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Cincinnati Children's Hospital Medical Center is an international leader in research and medical care related to infant, child and adolescent diseases.
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Cincinnati Children's Hospital Medical Center is an international leader in research and medical care related to infant, child and adolescent diseases.
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Publish Date: 05/01/10
Media Contact: Nick Miller, 513-803-6035
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Vitamin D Deficiency in Pregnant Arab Women Requires Urgent Attention, Says Doctor

Pregnant Arab women have an "extraordinarily high prevalence” of vitamin D deficiency – a potential health issue for them and their babies, according to a new Cincinnati Children’s Hospital Medical Center study.

The vitamin deficiency is largely due to how Arab women dress outdoors – preventing exposure of the skin to sunlight and subsequent vitamin D intake, according to Adekunle Dawodu, MD, a physician in the Center for Global Child Health at Cincinnati Children’s and lead author of the study. Dawodo is also a professor of pediatrics at the University of Cincinnati College of Medicine.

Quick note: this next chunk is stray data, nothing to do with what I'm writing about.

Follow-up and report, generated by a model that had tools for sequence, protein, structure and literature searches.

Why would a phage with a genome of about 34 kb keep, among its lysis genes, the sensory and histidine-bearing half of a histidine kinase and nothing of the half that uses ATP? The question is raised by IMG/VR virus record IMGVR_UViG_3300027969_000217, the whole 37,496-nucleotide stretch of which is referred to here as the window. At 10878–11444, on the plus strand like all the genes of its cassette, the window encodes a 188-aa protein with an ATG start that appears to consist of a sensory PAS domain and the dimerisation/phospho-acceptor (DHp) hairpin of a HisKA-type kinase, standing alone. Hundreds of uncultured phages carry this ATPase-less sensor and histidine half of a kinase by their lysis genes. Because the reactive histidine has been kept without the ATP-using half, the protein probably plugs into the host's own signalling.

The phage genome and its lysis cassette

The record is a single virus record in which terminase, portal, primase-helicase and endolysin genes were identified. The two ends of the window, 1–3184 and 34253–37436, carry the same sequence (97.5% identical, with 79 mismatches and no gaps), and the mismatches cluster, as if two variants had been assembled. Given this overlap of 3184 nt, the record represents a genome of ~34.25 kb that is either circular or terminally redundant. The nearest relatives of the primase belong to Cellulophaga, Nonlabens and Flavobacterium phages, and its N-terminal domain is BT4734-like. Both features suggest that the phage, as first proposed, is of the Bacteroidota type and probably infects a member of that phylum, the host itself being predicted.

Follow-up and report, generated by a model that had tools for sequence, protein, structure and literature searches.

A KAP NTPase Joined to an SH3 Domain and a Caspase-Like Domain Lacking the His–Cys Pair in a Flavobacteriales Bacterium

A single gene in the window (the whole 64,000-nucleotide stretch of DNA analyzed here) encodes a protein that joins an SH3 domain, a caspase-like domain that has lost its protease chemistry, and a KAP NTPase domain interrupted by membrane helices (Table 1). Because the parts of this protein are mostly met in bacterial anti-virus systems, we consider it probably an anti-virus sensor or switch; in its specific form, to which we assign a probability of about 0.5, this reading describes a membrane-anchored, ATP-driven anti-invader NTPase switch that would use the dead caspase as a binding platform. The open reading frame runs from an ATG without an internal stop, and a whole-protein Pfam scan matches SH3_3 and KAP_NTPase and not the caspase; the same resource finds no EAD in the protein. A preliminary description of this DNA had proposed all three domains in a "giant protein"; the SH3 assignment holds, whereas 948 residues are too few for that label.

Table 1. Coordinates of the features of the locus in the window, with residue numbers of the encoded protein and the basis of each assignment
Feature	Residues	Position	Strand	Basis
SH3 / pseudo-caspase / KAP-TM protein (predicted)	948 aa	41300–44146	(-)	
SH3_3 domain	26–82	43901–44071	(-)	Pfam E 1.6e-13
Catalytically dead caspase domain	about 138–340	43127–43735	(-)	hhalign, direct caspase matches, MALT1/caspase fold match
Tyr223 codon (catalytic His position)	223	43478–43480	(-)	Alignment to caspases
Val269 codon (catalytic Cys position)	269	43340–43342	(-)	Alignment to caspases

"Vitamin D deficiency is common in Arab women, and its deficiency in pregnancy is detrimental to the health of both mother and child,” he says. "The problem can be addressed by either vitamin D supplementation or having expectant mothers expose their skin modestly to sunlight in private, such as the privacy of their own courtyards.”

Dawodu presented his study at 4 p.m. ET Saturday, May 1, at the annual meeting of the Pediatric Academic Societies in Vancouver, Canada.

"Vitamin D deficiency is the major cause of rickets around the world, but rickets may be just the tip of the iceberg,” says Dawodu. "Increasingly, research is revealing the importance of vitamin D in protecting against a host of health problems – not just those involving calcium and bone. It also may increase the risk of respiratory infection and chronic diseases after birth and later in life.”

Dawodu studied vitamin D status in 105 expectant Arab mothers participating in a prenatal, vitamin D supplementation study in the United Arab Emirates. Blood samples were taken at different times of the year. Dawodu found no seasonal variation in the rate of vitamin D deficiency.

Blood vitamin D levels in adults of less than 50 nanomoles per liter are considered deficient. In this study, 76 percent of the women had blood vitamin D levels below 25 nanomoles per liter – an amount considered very low by any standard. In addition, these pregnant women had low levels of dietary vitamin D intake and low rates of sun exposure outdoors.

"Vitamin D supplementation and modest sun exposure require urgent attention,” says Dawodu.



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